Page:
Recently established species may persist at low and possibly undetectable numbers before becoming noticeably abundant and invasive years or decades later , which may reflect the lag time (i.e. the time between arrival and spread) observed in many species that become invasive . This scenario seems likely concerning the invasion of P. downsi on Galápagos because the fly was not detected in finch nests and identified until 1997 , despite the recent discovery of specimens found in collections made in 1964 [13, 17]. The parasite has since spread successfully and in high numbers across the archipelago (11 of 13 major islands) , indicating that any lag period that took place has passed. Yet it is unknown how recently each island was colonised and thus, whether particular island populations are undergoing a lag period that would favour the success of an immediate eradication effort (discussed in ).
Ecological [12, 28, 59] findings do not support the current existence of a lag period and indicate that P. downsi has spread successfully in at least 12 avian host species on the Galápagos Islands [12, 13]. In the current study, we provide evidence that the P. downsi population on Floreana Island has detectable levels of genetic differentiation when compared with two other island populations, which might be the result of a separate introduction event(s) or colonisation pattern. A wider geographic sample of locations across habitats and islands is needed to examine this more definitively in combination with a larger number of highly polymorphic genetic markers. However, it is clear that P. downsi populations generally have high connectivity between islands or high shared ancestry, although variation in population processes (e.g. rates of dispersal, colonisation histories) between particular islands may allow for low levels of inter-island genetic differentiation.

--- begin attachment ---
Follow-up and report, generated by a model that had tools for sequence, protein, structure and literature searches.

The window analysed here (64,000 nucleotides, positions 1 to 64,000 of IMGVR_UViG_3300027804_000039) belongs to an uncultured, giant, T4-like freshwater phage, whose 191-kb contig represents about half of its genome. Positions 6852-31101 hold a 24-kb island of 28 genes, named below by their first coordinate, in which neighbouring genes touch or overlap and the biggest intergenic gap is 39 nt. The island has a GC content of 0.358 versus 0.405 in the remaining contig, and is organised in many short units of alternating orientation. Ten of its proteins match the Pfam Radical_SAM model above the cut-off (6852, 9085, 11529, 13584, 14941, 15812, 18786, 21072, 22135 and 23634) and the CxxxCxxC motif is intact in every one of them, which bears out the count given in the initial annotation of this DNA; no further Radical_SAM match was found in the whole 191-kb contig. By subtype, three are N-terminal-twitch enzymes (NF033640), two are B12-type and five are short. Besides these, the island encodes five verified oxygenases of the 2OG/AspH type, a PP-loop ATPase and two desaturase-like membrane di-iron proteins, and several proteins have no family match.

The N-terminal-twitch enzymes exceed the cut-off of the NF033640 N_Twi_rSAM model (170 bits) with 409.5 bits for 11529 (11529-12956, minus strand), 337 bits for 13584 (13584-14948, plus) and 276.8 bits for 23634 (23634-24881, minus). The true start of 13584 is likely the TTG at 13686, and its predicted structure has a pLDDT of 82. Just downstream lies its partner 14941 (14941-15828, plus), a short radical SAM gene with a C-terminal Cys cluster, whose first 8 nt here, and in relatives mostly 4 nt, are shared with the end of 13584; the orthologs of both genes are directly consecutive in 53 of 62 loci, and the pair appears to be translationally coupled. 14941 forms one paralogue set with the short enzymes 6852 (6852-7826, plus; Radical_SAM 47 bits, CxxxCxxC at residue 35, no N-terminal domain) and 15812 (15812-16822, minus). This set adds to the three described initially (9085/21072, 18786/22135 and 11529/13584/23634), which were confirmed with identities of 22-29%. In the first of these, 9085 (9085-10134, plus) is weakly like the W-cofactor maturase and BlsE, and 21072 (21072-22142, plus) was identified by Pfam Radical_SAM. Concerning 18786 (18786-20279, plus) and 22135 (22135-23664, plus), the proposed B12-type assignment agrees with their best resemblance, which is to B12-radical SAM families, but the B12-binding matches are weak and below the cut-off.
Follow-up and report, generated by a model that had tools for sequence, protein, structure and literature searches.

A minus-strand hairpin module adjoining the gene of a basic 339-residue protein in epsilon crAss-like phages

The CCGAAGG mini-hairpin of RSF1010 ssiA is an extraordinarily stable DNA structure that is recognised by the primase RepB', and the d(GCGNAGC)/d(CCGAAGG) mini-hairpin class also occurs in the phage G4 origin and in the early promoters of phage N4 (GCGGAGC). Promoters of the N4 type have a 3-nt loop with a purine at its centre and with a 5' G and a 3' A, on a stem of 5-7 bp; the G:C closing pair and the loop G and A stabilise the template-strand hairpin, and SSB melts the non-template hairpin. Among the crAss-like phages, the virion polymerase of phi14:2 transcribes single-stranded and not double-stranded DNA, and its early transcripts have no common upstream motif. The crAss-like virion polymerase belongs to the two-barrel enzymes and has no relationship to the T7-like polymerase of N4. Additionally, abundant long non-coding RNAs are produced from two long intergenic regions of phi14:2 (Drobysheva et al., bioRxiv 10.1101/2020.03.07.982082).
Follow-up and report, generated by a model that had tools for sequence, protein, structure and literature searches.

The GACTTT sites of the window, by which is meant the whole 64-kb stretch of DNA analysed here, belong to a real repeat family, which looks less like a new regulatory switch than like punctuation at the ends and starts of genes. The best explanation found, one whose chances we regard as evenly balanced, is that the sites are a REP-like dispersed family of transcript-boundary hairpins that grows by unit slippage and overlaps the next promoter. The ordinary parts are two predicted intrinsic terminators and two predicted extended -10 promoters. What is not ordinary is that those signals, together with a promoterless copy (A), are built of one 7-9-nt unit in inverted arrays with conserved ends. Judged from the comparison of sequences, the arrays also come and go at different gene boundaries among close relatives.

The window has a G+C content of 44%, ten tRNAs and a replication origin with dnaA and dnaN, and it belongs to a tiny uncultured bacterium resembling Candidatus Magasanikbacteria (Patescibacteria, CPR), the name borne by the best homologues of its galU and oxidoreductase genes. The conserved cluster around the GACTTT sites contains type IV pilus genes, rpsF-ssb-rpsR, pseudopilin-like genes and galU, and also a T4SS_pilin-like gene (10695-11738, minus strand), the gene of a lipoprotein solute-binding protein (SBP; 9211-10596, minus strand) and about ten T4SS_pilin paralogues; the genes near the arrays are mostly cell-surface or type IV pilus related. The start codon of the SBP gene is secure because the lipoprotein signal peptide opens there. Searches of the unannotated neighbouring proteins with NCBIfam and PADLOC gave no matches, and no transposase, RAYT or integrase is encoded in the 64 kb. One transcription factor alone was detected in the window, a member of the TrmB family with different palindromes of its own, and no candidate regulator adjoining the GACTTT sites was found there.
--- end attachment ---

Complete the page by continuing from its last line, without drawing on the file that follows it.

Absence of local genetic divergence
Local populations are expected to evolve adaptive differences in response to differing environmental conditions . The lack of genetic structure in P. downsi on the Galápagos archipelago may reflect the estimated short time period since the flies' introduction (~40 years ago)  such that populations have not yet diverged since colonisation. We document no genetic structure according to habitat type across islands, which implies high levels of fly dispersal between the two habitats. Across islands however, differences in host diversity and distribution, ecological variables, or colonisation history may result in genetic divergence due to genetic drift, as was evident from the low genetic differentiation we document on Floreana Island.